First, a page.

“J.M.W. Turner is, quite simply, one of the most significant artists ever to come out of the English-speaking world,” said Tyler Cann, associate curator of contemporary art at the Columbus Museum of Art. “By all accounts he was a peevish sort of person, but his best paintings are awesome in the truest sense of the word.”
Cann said Turner gave expression to the tremendous power of nature and, unlike many of his contemporaries, let the paint itself come alive with that expression. “No one else could capture the blinding light of the sun, both dissolving and illuminating everything before it, in quite the same way,” he said.
Turner at the Dayton Art Institut"
Aimee Marcereau DeGalan, the DAI’s curator of collections and exhibitions, said Turner became known as the “painter of light” because of his increasing interest in brilliant colors as the main constituent in his landscapes and seascapes later in his career.”
“Turner is widely regarded as the artist who elevated landscape painting to an eminence rivalling history painting,” said DeGalan. “But not everyone supported his work. He faced many detractors, including the President of the Royal Academy, Benjamin West, who was an early advocate. West later denounced the artist’s work as ‘crude blotches.’ “
Nevertheless, she said, Turner is perhaps the most well-known English Romantic artist and his atmospheric brushwork and subject matter foreshadowed Impressionism.
At the moment, thanks to the generosity of the Harold W. and Mary Louise Shaw Foundation, the DAI is displaying an oil painting mounted on wood entitled “View in Devonshire.” It’s thought to date to the summer of 1813, the year Turner visited the county of Devon in England and was persuaded by a friend to make oil sketches of the serene countryside around the city of Plymouth.
“The close proximity of the houses in the immediate left foreground provide a striking counterpoint to the hills and valleys which melt into the distance,” reads the wall text which says the scene comes to life as a result of Turner’s “deft handling of color and light, creating lustrous atmospheric effects in the distant horizon.”
Two Turner etchings, “Raglan Castle” and “Naval Academy at Greenwich,” are part of the DAI’s permanent collection but are not on view. Both were part of a 1959 purchase from Mrs. Thomas Lynn Johnson of Springfield; the DAI purchased Mrs. Johnson’s late husband’s collection of English and Continental prints.
Turner at the Columbus Museum of Art
Despite its modest size, curator Cann says the watercolor in the Columbus Museum’s collection contains a very powerful image. “We see the tumultuous aftermath of a shipwreck in the foreground, while in the background a majestic and weather-beaten castle stands against the rages of time,” he said. “It is a work about the frailty and vanity of human life, but also the endurance of our achievements.”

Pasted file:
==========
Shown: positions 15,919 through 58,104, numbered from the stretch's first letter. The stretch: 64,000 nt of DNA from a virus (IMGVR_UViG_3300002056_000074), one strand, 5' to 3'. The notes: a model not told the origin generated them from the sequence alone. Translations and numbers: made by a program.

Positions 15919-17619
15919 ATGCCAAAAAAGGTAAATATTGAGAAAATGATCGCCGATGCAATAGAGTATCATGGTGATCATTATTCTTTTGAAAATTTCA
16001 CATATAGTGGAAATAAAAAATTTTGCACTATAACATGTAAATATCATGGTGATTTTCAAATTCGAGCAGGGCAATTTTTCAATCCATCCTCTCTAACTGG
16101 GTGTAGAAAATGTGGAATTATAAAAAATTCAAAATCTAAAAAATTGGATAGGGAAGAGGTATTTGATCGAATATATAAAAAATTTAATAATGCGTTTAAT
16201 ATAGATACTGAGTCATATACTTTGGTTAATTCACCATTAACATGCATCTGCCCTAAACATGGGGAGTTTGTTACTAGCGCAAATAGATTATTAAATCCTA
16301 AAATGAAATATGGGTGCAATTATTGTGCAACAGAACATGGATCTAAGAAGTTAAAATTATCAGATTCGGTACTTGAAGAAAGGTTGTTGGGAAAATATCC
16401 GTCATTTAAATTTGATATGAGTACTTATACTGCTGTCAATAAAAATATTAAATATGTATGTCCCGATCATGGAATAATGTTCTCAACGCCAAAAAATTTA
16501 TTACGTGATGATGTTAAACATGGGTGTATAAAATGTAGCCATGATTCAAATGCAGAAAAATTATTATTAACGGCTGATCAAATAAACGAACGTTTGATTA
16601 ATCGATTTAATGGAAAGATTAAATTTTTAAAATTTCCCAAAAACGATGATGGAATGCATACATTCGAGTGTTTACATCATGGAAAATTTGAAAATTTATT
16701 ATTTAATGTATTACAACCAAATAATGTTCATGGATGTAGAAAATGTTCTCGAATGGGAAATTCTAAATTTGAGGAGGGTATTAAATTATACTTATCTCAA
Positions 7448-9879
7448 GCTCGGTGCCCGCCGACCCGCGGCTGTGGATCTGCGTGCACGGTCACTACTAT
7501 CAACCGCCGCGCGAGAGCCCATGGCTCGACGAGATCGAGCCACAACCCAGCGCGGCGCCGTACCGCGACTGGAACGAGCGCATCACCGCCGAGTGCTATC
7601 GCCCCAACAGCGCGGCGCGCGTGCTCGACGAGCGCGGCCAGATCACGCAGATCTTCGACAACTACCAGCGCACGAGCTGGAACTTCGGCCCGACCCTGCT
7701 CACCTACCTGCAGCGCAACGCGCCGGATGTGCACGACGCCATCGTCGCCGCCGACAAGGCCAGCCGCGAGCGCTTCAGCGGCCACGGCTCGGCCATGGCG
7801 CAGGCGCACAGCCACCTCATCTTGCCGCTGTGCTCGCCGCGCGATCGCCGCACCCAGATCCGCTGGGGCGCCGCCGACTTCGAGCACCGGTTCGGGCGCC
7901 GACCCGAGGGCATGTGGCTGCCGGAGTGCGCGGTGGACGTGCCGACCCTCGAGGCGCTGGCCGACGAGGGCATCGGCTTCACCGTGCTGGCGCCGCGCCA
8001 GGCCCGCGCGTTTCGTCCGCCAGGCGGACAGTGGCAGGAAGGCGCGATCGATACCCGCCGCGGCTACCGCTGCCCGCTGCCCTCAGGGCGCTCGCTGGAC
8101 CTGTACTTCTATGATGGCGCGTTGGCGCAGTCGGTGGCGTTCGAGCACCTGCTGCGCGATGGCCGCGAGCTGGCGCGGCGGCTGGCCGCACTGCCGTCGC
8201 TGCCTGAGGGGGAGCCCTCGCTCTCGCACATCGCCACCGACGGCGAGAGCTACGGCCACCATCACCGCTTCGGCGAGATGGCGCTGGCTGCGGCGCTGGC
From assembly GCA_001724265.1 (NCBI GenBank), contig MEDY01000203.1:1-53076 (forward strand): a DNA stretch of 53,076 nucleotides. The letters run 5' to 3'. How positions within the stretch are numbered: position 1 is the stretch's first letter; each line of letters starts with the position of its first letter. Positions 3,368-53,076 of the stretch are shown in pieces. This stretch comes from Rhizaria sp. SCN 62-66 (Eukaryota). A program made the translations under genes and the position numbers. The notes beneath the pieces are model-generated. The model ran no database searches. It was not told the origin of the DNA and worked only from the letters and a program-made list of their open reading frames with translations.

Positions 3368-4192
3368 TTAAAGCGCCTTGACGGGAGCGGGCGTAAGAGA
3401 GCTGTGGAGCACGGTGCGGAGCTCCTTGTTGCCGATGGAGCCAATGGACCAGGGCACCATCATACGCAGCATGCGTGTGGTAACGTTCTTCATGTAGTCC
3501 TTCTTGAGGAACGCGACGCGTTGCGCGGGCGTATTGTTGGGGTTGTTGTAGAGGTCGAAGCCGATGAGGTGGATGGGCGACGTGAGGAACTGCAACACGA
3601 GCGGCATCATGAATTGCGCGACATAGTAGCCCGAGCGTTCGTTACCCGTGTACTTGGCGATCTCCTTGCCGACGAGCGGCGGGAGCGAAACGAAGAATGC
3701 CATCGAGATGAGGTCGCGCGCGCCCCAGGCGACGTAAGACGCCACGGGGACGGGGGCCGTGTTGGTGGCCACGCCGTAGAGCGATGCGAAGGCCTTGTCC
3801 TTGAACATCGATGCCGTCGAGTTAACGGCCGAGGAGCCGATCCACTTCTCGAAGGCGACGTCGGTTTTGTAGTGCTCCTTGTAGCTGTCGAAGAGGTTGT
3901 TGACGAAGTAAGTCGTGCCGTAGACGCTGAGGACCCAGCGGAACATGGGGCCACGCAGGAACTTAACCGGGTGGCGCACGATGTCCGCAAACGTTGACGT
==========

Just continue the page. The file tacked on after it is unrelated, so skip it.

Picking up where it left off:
He said Turner’s achievements will certainly endure: the most prestigious award given to contemporary artists in Britain today, the Turner Prize, is named in his honor.
Turner at the Cincinnati Art Museum
Because of the great interest in Turner at the moment, the Cincinnati Art Museum has extended the opportunity for visitors to view “Lyme Regis, Dorsetshire, England.”
The watercolor painting had been in storage for conservation purposes but is now on display. The museum also has one other Turner watercolor and several prints in its permanent collection not currently on display.
Curator of prints, Kristin Spangenberg, said “Lyme Regis” is a good representation of Turner’s work and is based on sketches he made in 1811 on his first tour of the southwestern coast of England. He was known for his seascapes, Spangenberg said this one shows a sailing vessel struggling to retrieve a wrecked ship’s mast and top. On the beach two men drag wreckage out of the water and prepare to attach a line from a horse to pull it inland.
According to Spangenberg, in 1825 Turner began his Picturesque Views in England and Wales series, one of his most ambitious projects. Although the original project called for engravings based on 120 newly commissioned watercolors, by 1838 only 96 prints had been issued and the project was terminated.
“The stock of engraved plates and prints was auctioned off and Turner paid more that £3,000 to buy them all back,” said Spangenberg. “Although the series never materialized, it inspired some of his finest watercolors, including “Lyme Regis,” a work titled after the small coastal town near the Dorset/Devon border. Turner cast the town in brilliant light. The fluid brushstrokes and complex composition create abstract patterns that sweep across the image.”
Turner at the Taft Museum
Two oil paintings by Turner are on display at the Taft Museum in Cincinnati: “The Trout Stream,” a scene from the English countryside, and “The Golden Bough,” on loan from the Tate Britain in London.
The Taft’s other oil painting, “Europa and the Bull,” is on loan to the Tate and will then travel to the Getty Museum in Los Angeles and Fine Arts Museums of San Francisco as part of an exhibition entitled “Late Turner: Painting Set Free.”
In its place the Taft will display “The Golden Bough” through early August.
“Turner transformed British oil painting by bringing the lightness and transparency of his brilliant watercolor technique into oil paintings, making marvelously filmy, translucent pictures with glowing color that astounded his peers and still delights us today,” said Lynne Ambrosini, the Taft’s director of collections and exhibitions and curator of European art.
“Similarly, he brought contemporary events and historical subjects into what was considered a lowbrow art form — landscape — and helped transform it into a widely popular—indeed, the very most popular—type of painting in the nineteenth century.”